Ky. Voices: UK guided by one goal on dining services: what is best for students

Tim Tracy, left, is the interim provost and Eric Monday is the executive vice president for finance and administration at the University of Kentucky.
Tim Tracy, left, is the interim provost and Eric Monday is the executive vice president for finance and administration at the University of Kentucky.

Only one goal should drive the University of Kentucky's decision regarding the future of campus dining services: What's best for its students and others who work on or visit the campus.

With that goal ever present, a number of people — students, local food producers and the Herald-Leader — have thoughtfully raised questions about this issue.

That dialogue should, and will continue. A cross-section of university faculty, staff and students continue as a committee to research this issue with the hopes of making a recommendation to the university in the next few months.

As part of that deliberation, the committee has held forums with concerned citizens and students as well as dining employees, a process of transparency and dialogue that will continue.

Jaci Carfagno's June 23 column continues the discussion. Unfortunately, Carfagno seems to reach the conclusion that it's wrong for UK to even consider options for improving dining services — an odd conclusion to reach for an institution such as a newspaper that values inquiry.

And in doing so, she gives short shrift to several facts that have been on the table for some time. A few things to consider:

First, UK has committed explicitly that no matter what path we take with dining services — whether continuing to operate in-house or turning to a third party — local food sources and Kentucky Proud have to be an important part of the equation.

Carfagno, for example, leaves out the fact that two institutions, Berea College and the University of Louisville, use third-party vendors for dining services. And both of them buy more local food as a percentage of purchases than UK currently does with its in-house operation.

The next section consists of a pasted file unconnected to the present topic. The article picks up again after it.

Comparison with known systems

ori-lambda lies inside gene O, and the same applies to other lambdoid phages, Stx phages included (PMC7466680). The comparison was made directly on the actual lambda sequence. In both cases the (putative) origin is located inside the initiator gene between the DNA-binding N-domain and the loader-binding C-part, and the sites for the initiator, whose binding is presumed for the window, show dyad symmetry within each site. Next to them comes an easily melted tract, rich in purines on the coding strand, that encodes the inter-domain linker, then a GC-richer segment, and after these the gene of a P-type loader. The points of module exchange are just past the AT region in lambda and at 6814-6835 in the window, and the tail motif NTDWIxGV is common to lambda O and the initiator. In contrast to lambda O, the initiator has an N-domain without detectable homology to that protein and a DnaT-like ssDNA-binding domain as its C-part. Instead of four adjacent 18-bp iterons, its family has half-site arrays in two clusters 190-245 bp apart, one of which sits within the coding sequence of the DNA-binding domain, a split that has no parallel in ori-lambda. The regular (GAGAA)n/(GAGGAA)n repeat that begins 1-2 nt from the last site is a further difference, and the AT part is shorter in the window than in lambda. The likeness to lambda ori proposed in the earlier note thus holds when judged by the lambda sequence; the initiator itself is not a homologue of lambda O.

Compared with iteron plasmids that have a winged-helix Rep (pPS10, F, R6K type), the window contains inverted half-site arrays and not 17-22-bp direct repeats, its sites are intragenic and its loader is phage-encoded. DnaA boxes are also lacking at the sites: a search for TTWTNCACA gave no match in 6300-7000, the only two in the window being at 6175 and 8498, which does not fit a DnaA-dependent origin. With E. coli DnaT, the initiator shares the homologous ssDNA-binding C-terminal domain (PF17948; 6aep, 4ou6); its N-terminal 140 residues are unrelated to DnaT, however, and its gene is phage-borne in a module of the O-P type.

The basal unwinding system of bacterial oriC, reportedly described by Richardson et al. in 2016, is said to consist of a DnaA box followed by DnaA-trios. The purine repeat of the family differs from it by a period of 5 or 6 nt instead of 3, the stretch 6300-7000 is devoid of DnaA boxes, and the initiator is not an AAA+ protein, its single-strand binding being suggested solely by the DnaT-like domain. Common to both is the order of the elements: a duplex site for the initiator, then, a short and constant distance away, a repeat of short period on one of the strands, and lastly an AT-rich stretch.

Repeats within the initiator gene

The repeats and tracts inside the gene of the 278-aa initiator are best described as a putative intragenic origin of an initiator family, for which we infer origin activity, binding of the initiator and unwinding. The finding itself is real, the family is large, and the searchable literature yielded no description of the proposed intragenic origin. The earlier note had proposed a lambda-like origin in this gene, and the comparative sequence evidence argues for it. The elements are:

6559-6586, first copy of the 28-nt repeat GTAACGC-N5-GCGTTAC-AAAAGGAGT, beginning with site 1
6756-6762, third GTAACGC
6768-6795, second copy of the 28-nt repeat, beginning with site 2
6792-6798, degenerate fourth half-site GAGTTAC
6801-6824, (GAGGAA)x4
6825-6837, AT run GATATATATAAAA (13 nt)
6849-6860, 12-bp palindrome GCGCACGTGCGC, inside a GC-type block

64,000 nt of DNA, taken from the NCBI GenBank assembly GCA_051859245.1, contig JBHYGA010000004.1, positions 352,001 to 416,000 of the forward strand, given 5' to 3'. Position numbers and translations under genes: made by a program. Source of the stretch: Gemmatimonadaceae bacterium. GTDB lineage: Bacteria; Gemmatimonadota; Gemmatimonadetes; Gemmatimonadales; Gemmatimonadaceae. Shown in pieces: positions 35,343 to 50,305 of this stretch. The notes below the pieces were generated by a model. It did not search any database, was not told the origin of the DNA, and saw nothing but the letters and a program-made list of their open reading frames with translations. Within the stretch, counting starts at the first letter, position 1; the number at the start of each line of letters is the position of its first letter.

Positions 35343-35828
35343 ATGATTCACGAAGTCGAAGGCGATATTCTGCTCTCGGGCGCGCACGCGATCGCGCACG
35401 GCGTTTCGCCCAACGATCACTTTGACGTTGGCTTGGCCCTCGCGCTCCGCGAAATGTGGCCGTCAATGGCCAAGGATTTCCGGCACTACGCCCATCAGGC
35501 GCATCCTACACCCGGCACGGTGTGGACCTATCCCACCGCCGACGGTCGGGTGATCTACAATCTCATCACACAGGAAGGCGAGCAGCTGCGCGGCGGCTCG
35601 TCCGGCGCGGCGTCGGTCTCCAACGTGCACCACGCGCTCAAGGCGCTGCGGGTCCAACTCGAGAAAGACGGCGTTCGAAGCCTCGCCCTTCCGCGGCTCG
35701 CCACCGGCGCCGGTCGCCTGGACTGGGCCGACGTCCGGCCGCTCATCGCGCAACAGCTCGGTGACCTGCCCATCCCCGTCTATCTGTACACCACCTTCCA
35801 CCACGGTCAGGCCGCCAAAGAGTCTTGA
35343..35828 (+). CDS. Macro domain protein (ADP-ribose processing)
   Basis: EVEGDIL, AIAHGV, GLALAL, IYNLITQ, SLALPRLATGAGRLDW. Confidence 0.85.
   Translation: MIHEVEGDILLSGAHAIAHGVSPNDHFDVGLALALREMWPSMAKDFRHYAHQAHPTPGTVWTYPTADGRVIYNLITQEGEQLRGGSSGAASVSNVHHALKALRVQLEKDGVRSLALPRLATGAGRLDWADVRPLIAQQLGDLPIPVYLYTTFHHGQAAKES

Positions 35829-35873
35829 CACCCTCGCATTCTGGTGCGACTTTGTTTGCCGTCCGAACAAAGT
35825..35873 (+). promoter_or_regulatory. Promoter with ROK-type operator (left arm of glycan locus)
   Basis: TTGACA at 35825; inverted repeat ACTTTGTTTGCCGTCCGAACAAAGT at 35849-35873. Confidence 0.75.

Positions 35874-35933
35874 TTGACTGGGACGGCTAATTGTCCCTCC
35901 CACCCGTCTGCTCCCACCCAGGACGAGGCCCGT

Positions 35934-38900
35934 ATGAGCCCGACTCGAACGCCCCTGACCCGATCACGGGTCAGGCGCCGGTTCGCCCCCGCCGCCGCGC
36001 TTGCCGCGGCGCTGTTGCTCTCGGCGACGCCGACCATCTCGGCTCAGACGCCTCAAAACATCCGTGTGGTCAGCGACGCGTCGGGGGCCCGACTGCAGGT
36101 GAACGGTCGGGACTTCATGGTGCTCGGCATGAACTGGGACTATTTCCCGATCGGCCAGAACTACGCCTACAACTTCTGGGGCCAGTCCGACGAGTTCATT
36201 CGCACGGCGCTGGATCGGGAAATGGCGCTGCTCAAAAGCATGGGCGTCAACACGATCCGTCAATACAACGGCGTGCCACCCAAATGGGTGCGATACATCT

Second, we agree with Carfagno and others who have voiced support for existing food operations on campus like the student-run Lemon Tree Restaurant and the growing partnership with our College of Agriculture and the popular butcher shop we operate on campus. We are committed to maintaining those operations and partnerships. In fact, we want to enhance them.

Third, we also have made explicit commitments to our current full-time employees that they will have jobs, no matter which route we take with dining services. We also will continue to provide employment and rich educational opportunities for our students.

Finally, there is no question that UK's push to revitalize its residence hall system and to build new, high-tech classrooms, labs and research space have accelerated our need to consider the future of our dining operation.

Carfagno seems to equate this push with some commoditized view of higher education, where the pursuit of money is exalted above the values of learning, knowledge and discovery.

Nothing could be further from the truth.

We are building new residence halls for two reasons: the average age of our living spaces is more than 50 years old. They are outdated and in some cases not readily accessible.

More importantly, though, there is an inescapable fact: students do better — several percentage points better in retention — when they live on campus. They graduate at higher rates and become more involved in the life of the campus.

Is there a financial imperative to that? No question. But more importantly, there is an educational and moral imperative, as well. It's what's best for UK and the commonwealth.

So, too, is our push to expand, renovate and build modern classrooms, laboratories and research space, something Carfagno dismisses as nothing more than a push for "cool new classrooms" and "labs for scientists who bring in big grants."

Yes, we believe UK should have classrooms as technologically and educationally advanced as those found in high schools and other institutions of higher learning.And, yes, we believe that research and discovery into scourges like cancer, heart disease and oral health diseases — debilitating illnesses we unfortunately lead the country in — are at the heart of our mission as a land-grant, flagship university.

Indeed, such pursuits and discoveries are part of who we are. They are values we have shared for nearly 150 years. And we won't stop with that push. Again, it's what is right for our students and for our state.

So is a commitment to asking questions and digging deep for the answers. We should be willing to have such a debate — not shut it down.

We should be willing to go wherever that inquiry takes us — particularly if our real goal is doing what's best for our students.

At issue: June 23 column by Herald-Leader editorial writer Jaci Carfagno, "Keep it local: Entrepreneurial campus food services feeding, teaching, investing"

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